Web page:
The Federal Police have increased their presence in the resort cities of Los Cabos, Baja California Sur, where they are carrying out patrols and investigative work.
The bolstered security is part of a federal response to rising levels of violence in tourist destinations.
National Security Commissioner Renato Sales announced Tuesday that 5,000 additional officers would be sent to “key cities” including Los Cabos and La Paz, where a lengthy shootout between police and alleged criminals occurred Monday.
Cancún, Manzanillo and Colima are also among the cities that will receive more Federal Police officers, Sales told the broadcaster Televisa.
In Los Cabos, the beefed-up presence has been evident in the hotel zones of both San José del Cabo and Cabo San Lucas as well as other neighborhoods that are considered susceptible to violence.
Baja California Sur recorded the second-highest homicide rate in Mexico last year, with 69 murders per 100,000 inhabitants, and the tourist-oriented municipality of Los Cabos was plagued by a series of violent incidents and grisly discoveries.
They included the murder of three people on a beach in August while in November, 35 homicides occurred in one particularly bloody week in the state. More than half of the murders occurred in Los Cabos.
A mass grave containing 14 bodies was discovered in June while in December, six bodies were found hanging from bridges in Los Cabos and La Paz.
Several other incidents involving presumed criminal gangs resulted in scores of deaths in the municipality last year and violence continued in the first half of last month before easing in the last two weeks.
Los Cabos had been included in a U.S. Department of State travel advisory but it eased the warning in its updated advice issued last month.
In an interview with the newspaper El Universal, Federal Police commissioner Manelich Castilla Craviotto made it clear that the objective of the augmented police deployment is to bring all areas affected by violence under control and capture all criminals regardless of which criminal group they belong to.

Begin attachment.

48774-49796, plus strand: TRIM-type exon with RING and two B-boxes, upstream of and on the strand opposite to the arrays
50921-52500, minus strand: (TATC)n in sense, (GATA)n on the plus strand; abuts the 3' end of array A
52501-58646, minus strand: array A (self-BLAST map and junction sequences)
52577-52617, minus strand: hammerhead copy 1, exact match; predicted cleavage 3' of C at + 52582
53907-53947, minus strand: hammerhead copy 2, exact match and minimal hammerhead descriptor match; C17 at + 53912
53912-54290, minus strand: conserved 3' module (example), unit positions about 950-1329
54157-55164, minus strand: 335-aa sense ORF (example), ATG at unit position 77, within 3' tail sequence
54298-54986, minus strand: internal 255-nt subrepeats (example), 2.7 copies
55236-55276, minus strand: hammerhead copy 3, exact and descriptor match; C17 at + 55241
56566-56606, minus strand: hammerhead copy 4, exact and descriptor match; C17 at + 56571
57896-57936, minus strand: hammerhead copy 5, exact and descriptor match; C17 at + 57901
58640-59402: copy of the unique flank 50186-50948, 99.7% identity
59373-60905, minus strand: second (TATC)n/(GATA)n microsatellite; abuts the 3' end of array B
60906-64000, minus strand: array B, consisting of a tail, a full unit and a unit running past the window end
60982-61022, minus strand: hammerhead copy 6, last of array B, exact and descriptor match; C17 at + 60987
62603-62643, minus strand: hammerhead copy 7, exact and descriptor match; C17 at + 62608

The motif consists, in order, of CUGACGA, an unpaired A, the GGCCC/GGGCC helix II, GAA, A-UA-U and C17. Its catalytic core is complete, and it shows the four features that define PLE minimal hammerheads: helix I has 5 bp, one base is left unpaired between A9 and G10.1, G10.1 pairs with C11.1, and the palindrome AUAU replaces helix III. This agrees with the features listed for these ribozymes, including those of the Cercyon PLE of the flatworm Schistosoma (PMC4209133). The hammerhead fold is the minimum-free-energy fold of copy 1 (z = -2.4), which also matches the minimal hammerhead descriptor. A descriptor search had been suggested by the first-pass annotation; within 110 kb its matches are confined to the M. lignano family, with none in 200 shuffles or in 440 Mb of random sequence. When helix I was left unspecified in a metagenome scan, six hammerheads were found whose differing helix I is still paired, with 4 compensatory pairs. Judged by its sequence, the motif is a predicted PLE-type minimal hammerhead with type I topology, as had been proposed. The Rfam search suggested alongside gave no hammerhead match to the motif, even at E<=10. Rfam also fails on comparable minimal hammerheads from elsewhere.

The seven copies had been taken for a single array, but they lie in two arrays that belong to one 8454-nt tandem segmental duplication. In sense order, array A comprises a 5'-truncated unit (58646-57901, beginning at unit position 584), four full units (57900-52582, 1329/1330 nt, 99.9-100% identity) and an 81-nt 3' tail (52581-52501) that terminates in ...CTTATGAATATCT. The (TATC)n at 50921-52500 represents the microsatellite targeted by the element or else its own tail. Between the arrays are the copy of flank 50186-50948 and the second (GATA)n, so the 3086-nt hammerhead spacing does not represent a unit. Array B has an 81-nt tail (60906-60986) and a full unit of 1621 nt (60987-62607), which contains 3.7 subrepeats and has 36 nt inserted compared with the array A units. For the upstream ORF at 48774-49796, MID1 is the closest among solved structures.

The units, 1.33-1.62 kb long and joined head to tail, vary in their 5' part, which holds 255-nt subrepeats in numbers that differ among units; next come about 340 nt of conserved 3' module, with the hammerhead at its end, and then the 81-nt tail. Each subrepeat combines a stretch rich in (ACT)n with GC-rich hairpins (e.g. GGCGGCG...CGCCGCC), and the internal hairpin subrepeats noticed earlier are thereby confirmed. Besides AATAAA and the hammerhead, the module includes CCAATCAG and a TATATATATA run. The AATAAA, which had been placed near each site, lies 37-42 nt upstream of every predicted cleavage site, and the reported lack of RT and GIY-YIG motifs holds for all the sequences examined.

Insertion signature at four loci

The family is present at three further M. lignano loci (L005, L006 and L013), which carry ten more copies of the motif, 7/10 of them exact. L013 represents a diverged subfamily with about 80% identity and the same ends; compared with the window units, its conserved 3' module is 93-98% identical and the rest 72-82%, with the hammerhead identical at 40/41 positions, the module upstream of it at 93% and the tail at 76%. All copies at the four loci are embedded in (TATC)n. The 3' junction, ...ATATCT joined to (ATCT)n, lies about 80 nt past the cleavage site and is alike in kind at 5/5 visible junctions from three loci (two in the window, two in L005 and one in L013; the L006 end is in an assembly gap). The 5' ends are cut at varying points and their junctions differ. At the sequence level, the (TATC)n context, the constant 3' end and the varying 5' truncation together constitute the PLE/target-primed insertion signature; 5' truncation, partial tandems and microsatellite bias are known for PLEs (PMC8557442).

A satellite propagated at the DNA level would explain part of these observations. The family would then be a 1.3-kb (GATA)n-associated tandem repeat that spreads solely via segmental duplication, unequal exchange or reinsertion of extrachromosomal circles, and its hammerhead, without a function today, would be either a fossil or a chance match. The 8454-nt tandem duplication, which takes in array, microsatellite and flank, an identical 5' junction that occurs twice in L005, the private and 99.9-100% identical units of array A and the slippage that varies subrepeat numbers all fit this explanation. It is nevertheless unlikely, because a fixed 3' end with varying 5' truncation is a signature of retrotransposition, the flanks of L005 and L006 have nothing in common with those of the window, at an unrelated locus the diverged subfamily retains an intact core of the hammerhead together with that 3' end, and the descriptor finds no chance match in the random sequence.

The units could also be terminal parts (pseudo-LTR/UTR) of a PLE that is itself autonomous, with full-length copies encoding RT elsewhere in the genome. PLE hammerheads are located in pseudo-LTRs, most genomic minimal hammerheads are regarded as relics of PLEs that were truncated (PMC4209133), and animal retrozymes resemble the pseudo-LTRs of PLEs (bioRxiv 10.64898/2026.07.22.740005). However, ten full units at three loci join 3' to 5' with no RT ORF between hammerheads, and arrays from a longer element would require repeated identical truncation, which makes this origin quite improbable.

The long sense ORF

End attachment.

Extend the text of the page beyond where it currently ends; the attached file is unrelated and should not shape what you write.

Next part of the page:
“We are color-blind when it comes to looking at criminal groups . . .” he said.
The commissioner rejected the suggestion that the operation was a hunt for alleged criminals, describing it instead as a security strategy with a different approach.
“I would call it a different approach to combat impunity. As Federal Police, we and the federal attorney general’s office don’t go out to hunt but to execute arrest warrants and to get information that can be used so that there is no impunity,” Castilla said.
He added that authorities and security forces were seeking to move from an approach that “combated criminal structures and focused in many cases on people to one that fully establishes [security] conditions in the places where these people operate.”
“It’s not a semantic or rhetorical change, it’s an action . . . that complies with what the law establishes so that order and justice prevail . . .” Castilla explained.
The commissioner said the police have analyzed the risks entailed in the new operation including the potential reaction of organized crime groups.
“Nothing is being improvised, everything is measured . . .” he asserted.
Asked whether this operation was the most important significant security strategy since the army was deployed during the early days of Felipe Calderón’s presidency, Castilla was circumspect.
“I don’t want to say that it’s the most important . . . it’s the current one . . .” he said.
The commissioner explained that the Federal Police have also been involved in significant security operations in Michoacán and Chihuahua as well as other parts of the country.
He added that the participation of all sectors of society, including the business and academic community, is needed to combat violence and restore law and order to the streets.
The business community in Los Cabos has already heeded that advice, pledging 140 million pesos towards the construction of new military barracks in the municipality.